This is actually the story of two houses that were once occupied by the family of an Italian immigrant who was a respected and successful New Philadelphia fruit merchant.
A note about addresses: House numbers and street names can change over time.
The expansion of railroads into Ohio, and the industries that took advantage of them, encouraged recent immigrants to travel to the region seeking work in those industries. Other immigrants travelled as well in order to establish their own businesses to serve these immigrants, and those already living there. Among those immigrants was the Crescio family that settled in New Philadelphia in the late 1880s.
The Crescio family was originally from the Italian port city of Genoa and immigrated to the United States in 1870 or 1871. Later records indicate that John “Giovanni” Crescio (1856-1944) and his brother Charles “Carlo” Crescio (1854-1933) likely immigrated to the United States with their father. The three eventually made their way to Cuyahoga County, Ohio where they were residing when John Crescio married a daughter of Italian immigrants, Rosa Massoni (1864-1914), in 1884. John was working as a janitor in Cleveland, but soon he and his brother decided to go into the mercantile business and planned a move to New Philadelphia, Ohio where they could open their own store.
The first reference to the Crescio brothers being in New Philadelphia appears in the June 1891 New Philadelphia newspaper, the Ohio Democrat. According to that article, one of the Crescio brothers (likely John, because his brother’s shop was regularly recorded as a confectionary) had opened a fruit stand in New Philadelphia. John Crescio and his growing family were living a few doors down from his brother’s family, renting a house on the 200 block of East Front Street. John’s brother had purchased his home and, shortly after, began the construction of a brick home at the rear of his property along Salmon Alley. Once that house was completed, around 1902, John and his family rented it from his elder brother.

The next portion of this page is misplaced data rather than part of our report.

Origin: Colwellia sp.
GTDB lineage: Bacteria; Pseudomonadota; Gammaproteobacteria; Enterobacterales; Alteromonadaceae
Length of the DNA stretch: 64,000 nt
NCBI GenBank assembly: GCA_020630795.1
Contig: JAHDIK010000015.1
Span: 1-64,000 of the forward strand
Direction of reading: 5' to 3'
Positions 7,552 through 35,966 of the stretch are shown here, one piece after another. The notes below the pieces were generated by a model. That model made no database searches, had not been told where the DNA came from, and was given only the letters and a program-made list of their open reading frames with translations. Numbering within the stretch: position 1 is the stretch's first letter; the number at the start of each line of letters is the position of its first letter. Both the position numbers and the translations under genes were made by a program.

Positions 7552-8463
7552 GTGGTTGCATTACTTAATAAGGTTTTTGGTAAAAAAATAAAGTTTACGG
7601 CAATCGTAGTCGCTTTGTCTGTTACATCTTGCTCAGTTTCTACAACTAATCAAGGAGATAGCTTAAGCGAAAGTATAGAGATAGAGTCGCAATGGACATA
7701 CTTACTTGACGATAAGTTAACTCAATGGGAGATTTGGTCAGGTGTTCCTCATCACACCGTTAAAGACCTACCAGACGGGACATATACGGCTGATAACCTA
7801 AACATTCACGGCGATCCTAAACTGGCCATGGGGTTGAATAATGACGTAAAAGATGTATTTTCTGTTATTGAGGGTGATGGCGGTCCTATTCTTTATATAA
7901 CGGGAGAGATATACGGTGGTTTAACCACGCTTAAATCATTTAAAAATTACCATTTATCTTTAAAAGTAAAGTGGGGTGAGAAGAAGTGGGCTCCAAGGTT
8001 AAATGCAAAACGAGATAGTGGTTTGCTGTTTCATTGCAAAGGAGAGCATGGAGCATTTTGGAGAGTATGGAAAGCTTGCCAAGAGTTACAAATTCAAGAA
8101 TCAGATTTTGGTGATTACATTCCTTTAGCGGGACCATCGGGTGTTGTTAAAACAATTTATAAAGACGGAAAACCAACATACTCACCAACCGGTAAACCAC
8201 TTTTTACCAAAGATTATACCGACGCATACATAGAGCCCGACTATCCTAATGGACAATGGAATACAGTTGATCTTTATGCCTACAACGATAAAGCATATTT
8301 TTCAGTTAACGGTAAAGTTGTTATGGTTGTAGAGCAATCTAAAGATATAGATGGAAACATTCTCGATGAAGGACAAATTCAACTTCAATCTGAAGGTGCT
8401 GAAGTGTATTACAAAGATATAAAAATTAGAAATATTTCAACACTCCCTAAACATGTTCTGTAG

John Crescio’s fruit stand was located on the Public Square in New Philadelphia, next to Senhauser’s store on the southwest corner of the square. Evidence that John took his 1888 naturalization oath seriously, and that anti-immigrant ugliness and discrimination is nothing new, was recorded in the newspaper in September 1902. John was working at his fruit stand when an itinerant peddler referred to John as “a mafia.” John took matters into his own hands and the offender found himself “landing upon the sidewalk in a heap.” The newspaper went on to state that John was “a true blue American, and that’s all there’s to it.”
John and Rosa Crecio’s family had grown to include eight children by 1910, far too large a family for the small brick home owned by his brother. John purchased a home a few doors down from his brother’s East Front Street house in the spring of 1912. The house, built in the 1880s, is another New Philadelphia example of the very popular Italianate style of architecture. While many of the common details associated with the architectural style have long been removed or covered up, it still retains the tall narrow windows, deep eaves, side porch and entrance, and decorative front entrance surround typical of the style.
Rosa Crescio died of stomach cancer only two years after the family moved into the home, leaving John to raise the children on his own. John continued to operate his fruit and newspaper business on the square until his retirement in 1917; perhaps it was too difficult to carry on after the death of his wife. John Crescio continued to reside in the house on East Front Street, along with some of the children who continued to live at home, until his death in August 1944. He, and Rosa, are buried at Calvary Cemetery, New Philadelphia.
© Noel B. Poirier, 2022.